Innovation is a hot topic in the wine industry these days. While some wine brands can depend upon their traditional markets, messages and products, many producers find themselves under increasing attack from “the crafts” — craft beer, craft cider and craft spirits.
One advantage that these alcoholic alternatives seem to possess is the heightened ability to adapt, evolve and excite — to innovate in various ways that keep customers coming back to see what’s new.
How wine got in this situation is a long story that I will tell another time and whether wine should even enter the innovation wars is something that is hotly debated. Some new wine products have been criticized as “pop wines” that debase and therefore threaten the whole product category — not a view that I endorse, but I can understand the concern behind it.
So I was very interested in looking at innovation during my visit to Portugal and I found it in many different forms. I thought you might be interested in a little of what I discovered.
Port: No Wine Before Its Time
Port, which is arguably Portugal’s signature wine, is an example of a wine category that is both timeless and highly innovative. Timeless in the sense that Port wines have in many ways remained much the same for several centuries. White Ports, Ruby Ports, Tawny Ports — in fundamental respects these are the same today as they were 100 or 200 years ago. Almost nothing is as traditional as Port, with its stenciled bottles and historic brands.
This is a plus and also a minus. The plus of course is brand recognition — only Champagne was a stronger brand than Port from a name recognition standpoint. But it’s a minus, too, because that brand, like Sherry, is wrongly associated with one-note sweet wines. Like Rodney Dangerfield, they sometimes don’t get the respect they deserve.
And it is a minus because the traditional Port wine styles are exercises in patience in a very impatient world. Tawny Ports must be held by the maker until they are mature in 10, 20 or even 40 years. That’s a lot of time to wait with the investment time clock running. Vintage Ports need time, too, but this time the buyer is expected to patiently wait for the wine to mature.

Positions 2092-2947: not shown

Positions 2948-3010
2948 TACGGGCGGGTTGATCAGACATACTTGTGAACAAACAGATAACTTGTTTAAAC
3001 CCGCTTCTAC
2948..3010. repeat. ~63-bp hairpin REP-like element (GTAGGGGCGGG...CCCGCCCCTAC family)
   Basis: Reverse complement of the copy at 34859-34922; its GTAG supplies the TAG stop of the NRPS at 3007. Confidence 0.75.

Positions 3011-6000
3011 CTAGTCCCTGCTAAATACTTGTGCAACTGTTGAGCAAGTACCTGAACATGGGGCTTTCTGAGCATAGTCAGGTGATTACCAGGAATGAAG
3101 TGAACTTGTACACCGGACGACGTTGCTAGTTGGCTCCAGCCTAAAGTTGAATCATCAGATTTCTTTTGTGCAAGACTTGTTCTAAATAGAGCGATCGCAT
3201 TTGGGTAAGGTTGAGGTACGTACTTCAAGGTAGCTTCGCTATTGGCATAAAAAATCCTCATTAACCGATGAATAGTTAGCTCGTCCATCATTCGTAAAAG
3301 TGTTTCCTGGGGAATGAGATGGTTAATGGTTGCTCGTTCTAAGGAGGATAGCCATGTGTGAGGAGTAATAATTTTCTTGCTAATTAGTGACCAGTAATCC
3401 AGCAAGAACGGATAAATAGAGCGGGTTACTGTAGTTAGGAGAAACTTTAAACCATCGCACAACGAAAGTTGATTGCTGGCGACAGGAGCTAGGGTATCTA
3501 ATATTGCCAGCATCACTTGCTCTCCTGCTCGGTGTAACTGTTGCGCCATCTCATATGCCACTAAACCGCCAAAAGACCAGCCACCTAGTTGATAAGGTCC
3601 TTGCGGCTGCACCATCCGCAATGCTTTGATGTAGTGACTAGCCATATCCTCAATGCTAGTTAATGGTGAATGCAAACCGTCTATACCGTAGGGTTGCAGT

Time is Port’s friend because of what they do together in terms of the quality of the final product but, from an economic and market standpoint, time is also an inconvenient enemy and seemed to limit Port’s potential in the postwar years.
The answer to the time problem was an innovation that appeared in 1970, when Taylor Fladgate released their 1965 Late Bottled Vintage (LBV) Port. LBV has the character of Vintage Port but is ready to drink when released, not 20 years later. It was not quite the Chateau Cash Flow killer app of the wine world, but it certainly breathed new life into the Port market at a moment when this was especially welcome. Some say that LBV saved the Port industry and I think this might be true.
Red and white are the traditional colors of Port, but recently some makers have innovated to try to get the attention of younger consumers who have as little interest in their notion of grandfather’s Port as they do in their stereotype of granny’s Cream Sherry. Croft Pink Port and Quinta de Noval Black Port are examples of this innovative trend.
Pink Port is made in a Rosé style, with less skin contact and therefore fewer grippy tannins than Ruby Port. The Croft website is fully of cocktail ideas so perhaps this is a Pink Martini killer wine? Richard Hemmings, writing on the JancisRobinson.com website, makes the wine sound like an excellent option for the many Moscato lovers in your life.
97g/l RS, 4.2g/l TA. Raspberry juice, bubblegum, pink apples and fresh strawberries. Sweet and full on the palate, good concentration. Well balanced and smooth, creamy texture with a mouth-watering burst of fruit on the finish. Very good, not massively complex but a worthy product. (RH)